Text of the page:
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Shakespeare was known for his mastery and extensive employment of the blank verse, which very much resembled prose but had the form of iambic pentameter interspersed with other common poetic devices. In his plays and poems, poems did not usually rhyme as he usually intended his speakers to speak in “natural speech”, making it more relatable yet highly poetic. This unrhymed verse coupled with the iambic pentameter was characterised by containing ten syllables in a line, and being spoken with a stress on every second syllable. This became a style that Shakespeare was renowned for. His mastery was evident in the way that he manipulated it by interrupting and changing its flow, and he soon became a poet who was revered in his flexibility and ability to portray not only a wide array of human emotions but to portray great intensities of them. In the following paragraphs, I will closely examine the techniques he employed and how he employed them to portray the turmoil within his characters.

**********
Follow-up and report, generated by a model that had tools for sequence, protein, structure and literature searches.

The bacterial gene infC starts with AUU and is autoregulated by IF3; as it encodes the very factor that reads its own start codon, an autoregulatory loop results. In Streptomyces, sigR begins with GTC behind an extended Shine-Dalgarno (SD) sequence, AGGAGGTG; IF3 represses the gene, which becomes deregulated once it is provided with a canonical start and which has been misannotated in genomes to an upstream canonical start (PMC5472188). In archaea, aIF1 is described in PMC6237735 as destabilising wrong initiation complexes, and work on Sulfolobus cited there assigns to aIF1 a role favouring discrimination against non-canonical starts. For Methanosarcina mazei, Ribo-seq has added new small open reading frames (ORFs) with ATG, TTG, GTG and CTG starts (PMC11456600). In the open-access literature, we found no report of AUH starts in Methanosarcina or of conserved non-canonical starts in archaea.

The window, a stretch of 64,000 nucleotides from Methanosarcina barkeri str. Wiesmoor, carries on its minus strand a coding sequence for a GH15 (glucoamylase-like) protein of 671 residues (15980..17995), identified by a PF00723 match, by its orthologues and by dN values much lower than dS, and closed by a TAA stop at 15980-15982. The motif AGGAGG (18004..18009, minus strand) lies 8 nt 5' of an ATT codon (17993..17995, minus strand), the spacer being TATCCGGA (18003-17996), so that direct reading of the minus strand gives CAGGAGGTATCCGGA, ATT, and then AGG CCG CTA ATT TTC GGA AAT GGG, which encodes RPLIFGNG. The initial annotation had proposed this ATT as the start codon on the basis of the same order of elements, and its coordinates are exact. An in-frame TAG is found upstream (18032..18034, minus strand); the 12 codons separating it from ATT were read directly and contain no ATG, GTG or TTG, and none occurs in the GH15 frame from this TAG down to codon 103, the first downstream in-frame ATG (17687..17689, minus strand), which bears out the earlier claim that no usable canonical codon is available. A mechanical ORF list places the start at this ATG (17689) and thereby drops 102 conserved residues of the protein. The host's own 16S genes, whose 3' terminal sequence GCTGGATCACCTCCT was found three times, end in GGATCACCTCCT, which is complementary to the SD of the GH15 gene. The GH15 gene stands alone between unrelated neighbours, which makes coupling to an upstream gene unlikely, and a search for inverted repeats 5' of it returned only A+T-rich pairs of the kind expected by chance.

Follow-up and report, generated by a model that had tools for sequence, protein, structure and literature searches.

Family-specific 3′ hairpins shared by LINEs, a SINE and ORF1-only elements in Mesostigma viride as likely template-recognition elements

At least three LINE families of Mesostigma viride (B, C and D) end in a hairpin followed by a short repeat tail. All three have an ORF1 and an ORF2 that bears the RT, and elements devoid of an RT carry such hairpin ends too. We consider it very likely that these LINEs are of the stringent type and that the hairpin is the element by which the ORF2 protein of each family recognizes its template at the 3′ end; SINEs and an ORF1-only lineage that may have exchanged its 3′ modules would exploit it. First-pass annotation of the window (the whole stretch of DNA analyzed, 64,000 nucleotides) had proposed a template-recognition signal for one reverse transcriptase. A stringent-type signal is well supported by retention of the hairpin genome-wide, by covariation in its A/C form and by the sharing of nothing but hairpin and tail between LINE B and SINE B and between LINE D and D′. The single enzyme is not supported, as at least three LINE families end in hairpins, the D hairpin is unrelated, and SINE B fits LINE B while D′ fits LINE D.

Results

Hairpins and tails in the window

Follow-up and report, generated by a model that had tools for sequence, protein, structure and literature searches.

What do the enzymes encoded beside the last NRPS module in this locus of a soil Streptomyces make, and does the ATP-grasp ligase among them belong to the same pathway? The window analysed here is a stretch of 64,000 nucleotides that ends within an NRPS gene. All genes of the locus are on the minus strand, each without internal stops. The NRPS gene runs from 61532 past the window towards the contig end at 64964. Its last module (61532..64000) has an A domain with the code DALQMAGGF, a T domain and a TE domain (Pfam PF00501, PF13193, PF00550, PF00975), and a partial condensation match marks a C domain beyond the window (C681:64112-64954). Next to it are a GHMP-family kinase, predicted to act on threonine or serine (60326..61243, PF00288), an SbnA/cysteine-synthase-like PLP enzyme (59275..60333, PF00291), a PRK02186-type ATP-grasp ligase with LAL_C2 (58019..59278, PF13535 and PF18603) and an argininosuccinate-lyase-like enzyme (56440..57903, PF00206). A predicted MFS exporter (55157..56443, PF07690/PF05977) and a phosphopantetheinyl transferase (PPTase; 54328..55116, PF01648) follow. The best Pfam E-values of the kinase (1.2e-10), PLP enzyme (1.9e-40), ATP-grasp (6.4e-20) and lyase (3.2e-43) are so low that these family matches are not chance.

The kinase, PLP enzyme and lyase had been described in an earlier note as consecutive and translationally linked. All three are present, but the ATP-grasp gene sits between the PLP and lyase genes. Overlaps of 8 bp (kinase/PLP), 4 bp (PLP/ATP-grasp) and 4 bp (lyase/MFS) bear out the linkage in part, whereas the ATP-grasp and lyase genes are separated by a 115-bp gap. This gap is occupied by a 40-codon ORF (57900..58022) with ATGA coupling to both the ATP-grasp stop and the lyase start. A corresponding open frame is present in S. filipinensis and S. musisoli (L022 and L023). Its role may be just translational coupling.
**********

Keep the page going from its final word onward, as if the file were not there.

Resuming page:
Firstly, Shakespeare’s poetry in his plays serves to present great inner turmoil in his characters, presenting their inner conflict where they weigh their motivations and ambitions against their own moral conscience. In Hamlet, Prince Hamlet’s “To be, or not to be” soliloquy is one of Shakespeare’s most extensively examined excerpts and is often studied on its own as a poem. The above was set in the context of Hamlet having been greatly wronged by his uncle, Claudius, who poisoned Hamlet’s father, King Hamlet, to take the throne. Hamlet, at the beginning of the play, was visited by the Ghost of King Hamlet (his father) who asked Hamlet to avenge him. Shortly after, in this soliloquy, a private and solitary speech made to audiences, Hamlet reveals the inner turmoil he feels between his need to avenge his father as a filial son and his sense of morality that hinders his carrying out of the deed. Shakespeare well introduces this great conflict in the first line with the shuffling between “To be, or not to be? // That is the question – // Whether tis nobler in the mind to suffer” His presentation of Hamlet’s weighing of two extremes – to live or not to live coupled with the sing-song lyrical presentation presents a swaying Hamlet, one who contemplates deeply on whether “tis nobler to in the mind to suffer” against the torment of “outrageous fortune” or to stand against “a sea of troubles”. The empowering imagery of war and the might of the ocean reveals the torment that Hamlet feels, as he despairs between his conscience to end his life or to proceed with the revenge his father sought.